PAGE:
our everyday life

Why Won't Food Turn Brown If I Put Lemon Juice On It?

by Alexander Trigaux, studioD

Few things destroy the presentation of a dish faster than fruit and vegetables that turn brown shortly after you cut them up. Slices of apples or avocados can brown quickly, making your fresh salad appear old and unappetizing. Shredded or sliced potatoes can darken almost immediately, before you have a chance to fry them. If you don't want cut produce to turn brown, put lemon juice on it. It's simple, it's cheap and it works.

Polyphenol Oxidase

An enzyme called polyphenol oxidase exists in most produce. All enzymes require a specific catalyst to be activated. This occurs in polyphenol oxidase when it comes into contact with the oxygen in the air, producing molecules responsible for the brownish color, diminished nutritional value and unappetizing flavor changes we associate with fruit and vegetables past their peak freshness. Ployphenol oxidase's enzymatic reaction is the reason some fruit rots so fast once it is cut open, but its presence doesn't always mean deterioration; it also causes the dark coloration of variety of foods and beverages, including coffee, tea and raisins.

The Acid Test

Lemon juice contains large amounts of ascorbic acid, more commonly known as Vitamin C. Because oxygen reacts more readily with ascorbic acid than it does with polyphenol oxidase, when applied to cut produce, ascorbic acid creates an effective barrier between the air and the enzyme responsible for browning. Placing cut produce into a solution of six Vitamin C tablets crushed into a gallon of water for 15 minutes provides a the same benefit as lemon juice without imparting any additional flavor. The produce does not need to be rinsed prior to use.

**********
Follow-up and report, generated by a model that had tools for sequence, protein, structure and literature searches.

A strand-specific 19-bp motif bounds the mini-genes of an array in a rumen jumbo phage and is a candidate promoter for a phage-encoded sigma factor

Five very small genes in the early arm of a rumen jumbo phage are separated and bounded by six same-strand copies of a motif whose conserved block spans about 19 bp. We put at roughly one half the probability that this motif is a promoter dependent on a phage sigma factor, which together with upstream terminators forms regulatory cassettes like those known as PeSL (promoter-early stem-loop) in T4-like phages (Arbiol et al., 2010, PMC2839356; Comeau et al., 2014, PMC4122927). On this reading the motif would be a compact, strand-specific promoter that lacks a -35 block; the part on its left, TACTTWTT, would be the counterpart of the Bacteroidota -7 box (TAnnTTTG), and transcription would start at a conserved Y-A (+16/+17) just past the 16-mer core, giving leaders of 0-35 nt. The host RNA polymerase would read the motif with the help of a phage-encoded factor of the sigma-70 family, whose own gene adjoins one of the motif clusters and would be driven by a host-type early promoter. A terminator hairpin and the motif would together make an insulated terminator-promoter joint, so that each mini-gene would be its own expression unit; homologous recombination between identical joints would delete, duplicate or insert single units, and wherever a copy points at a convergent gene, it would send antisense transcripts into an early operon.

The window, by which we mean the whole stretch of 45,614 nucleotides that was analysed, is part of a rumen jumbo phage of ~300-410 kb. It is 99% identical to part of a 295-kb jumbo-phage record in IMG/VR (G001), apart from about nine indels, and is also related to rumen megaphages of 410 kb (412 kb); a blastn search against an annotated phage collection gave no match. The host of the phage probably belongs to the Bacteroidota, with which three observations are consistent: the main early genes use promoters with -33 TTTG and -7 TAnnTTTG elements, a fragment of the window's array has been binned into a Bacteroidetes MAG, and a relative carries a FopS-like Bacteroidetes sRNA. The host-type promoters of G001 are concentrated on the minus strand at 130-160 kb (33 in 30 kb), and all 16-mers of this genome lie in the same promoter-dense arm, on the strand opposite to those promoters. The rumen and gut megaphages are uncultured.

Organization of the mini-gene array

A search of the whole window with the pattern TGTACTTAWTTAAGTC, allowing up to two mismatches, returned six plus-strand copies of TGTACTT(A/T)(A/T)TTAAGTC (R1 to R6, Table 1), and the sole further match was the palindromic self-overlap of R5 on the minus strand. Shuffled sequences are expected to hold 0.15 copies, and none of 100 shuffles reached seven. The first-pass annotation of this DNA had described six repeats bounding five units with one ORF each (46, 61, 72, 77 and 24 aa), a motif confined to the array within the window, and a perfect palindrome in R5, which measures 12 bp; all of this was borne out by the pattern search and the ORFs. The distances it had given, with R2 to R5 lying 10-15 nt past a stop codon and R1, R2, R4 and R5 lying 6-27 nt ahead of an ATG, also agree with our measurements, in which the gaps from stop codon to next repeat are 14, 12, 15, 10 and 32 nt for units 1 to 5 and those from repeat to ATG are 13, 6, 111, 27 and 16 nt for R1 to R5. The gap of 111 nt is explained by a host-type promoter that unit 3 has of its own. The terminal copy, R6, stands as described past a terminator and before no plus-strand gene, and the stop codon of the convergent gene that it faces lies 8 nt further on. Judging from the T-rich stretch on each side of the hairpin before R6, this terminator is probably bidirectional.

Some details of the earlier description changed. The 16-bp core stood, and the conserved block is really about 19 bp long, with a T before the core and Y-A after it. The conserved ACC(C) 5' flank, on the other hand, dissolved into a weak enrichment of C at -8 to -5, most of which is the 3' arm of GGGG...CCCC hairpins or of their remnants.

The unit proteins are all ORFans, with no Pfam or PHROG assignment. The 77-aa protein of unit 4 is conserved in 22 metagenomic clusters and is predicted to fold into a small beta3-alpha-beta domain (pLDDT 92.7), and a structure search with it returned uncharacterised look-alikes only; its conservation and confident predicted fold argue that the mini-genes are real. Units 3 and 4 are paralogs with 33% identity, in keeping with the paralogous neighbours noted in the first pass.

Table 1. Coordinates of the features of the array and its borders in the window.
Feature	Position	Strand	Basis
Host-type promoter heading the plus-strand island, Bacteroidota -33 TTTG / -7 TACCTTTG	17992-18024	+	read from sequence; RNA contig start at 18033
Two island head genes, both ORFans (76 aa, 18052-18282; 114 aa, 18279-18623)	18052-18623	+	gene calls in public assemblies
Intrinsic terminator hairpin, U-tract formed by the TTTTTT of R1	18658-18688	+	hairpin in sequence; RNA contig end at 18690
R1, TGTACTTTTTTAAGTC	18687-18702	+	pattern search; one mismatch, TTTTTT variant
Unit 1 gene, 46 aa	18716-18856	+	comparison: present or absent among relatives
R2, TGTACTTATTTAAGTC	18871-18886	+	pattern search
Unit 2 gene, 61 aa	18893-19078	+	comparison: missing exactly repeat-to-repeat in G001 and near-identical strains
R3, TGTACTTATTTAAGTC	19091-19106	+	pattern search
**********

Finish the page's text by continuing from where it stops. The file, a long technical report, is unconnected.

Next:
Lower pH, Slower Browning

The acidity of a substance is expressed as its pH level. The lower the pH level of a substance, the longer it will prevent browning when applied to cut fruits and vegetables. Polyphenol oxidase is rendered inactive at a pH level below 3.0, so an application of any substance with a pH level below that will forestall the browning process. Lemon and lime juice have a pH level of 2.0 and cranberry juice has a pH level of 2.3, providing different flavor and color options while also acting as anti-browning agents. Orange juice, with a pH level of 3.3, is not acidic enough to stop browning.

Non-Acidic Considerations

Different apple cultivars brown at different rates, with Red Delicious browning the fastest and Arangeh the slowest. Reducing the amount of air in contact with cut fruit, using a physical barrier like a water bath or vacuum sealing, delays browning but only by 15 to 20 minutes. Contact with iron or copper will accelerate browning. Raising the temperature of produce to 170 degrees Fahrenheit by blanching it for five minutes stops browning by deactivating polyphenol oxidase. Refrigeration slows the progress of the enzymatic reaction and freezing halts it until produce is thawed.

About the Author

Alexander Trigaux is an avid food scientist, culinary globetrotter and a 2-year-old's personal chef. He has an English degree from the University of Vermont where he edited the school paper "The Cynic" and has been writing proprietary financial research and white papers since 1997.

Photo Credits

  • Creatas Images/Creatas/Getty Images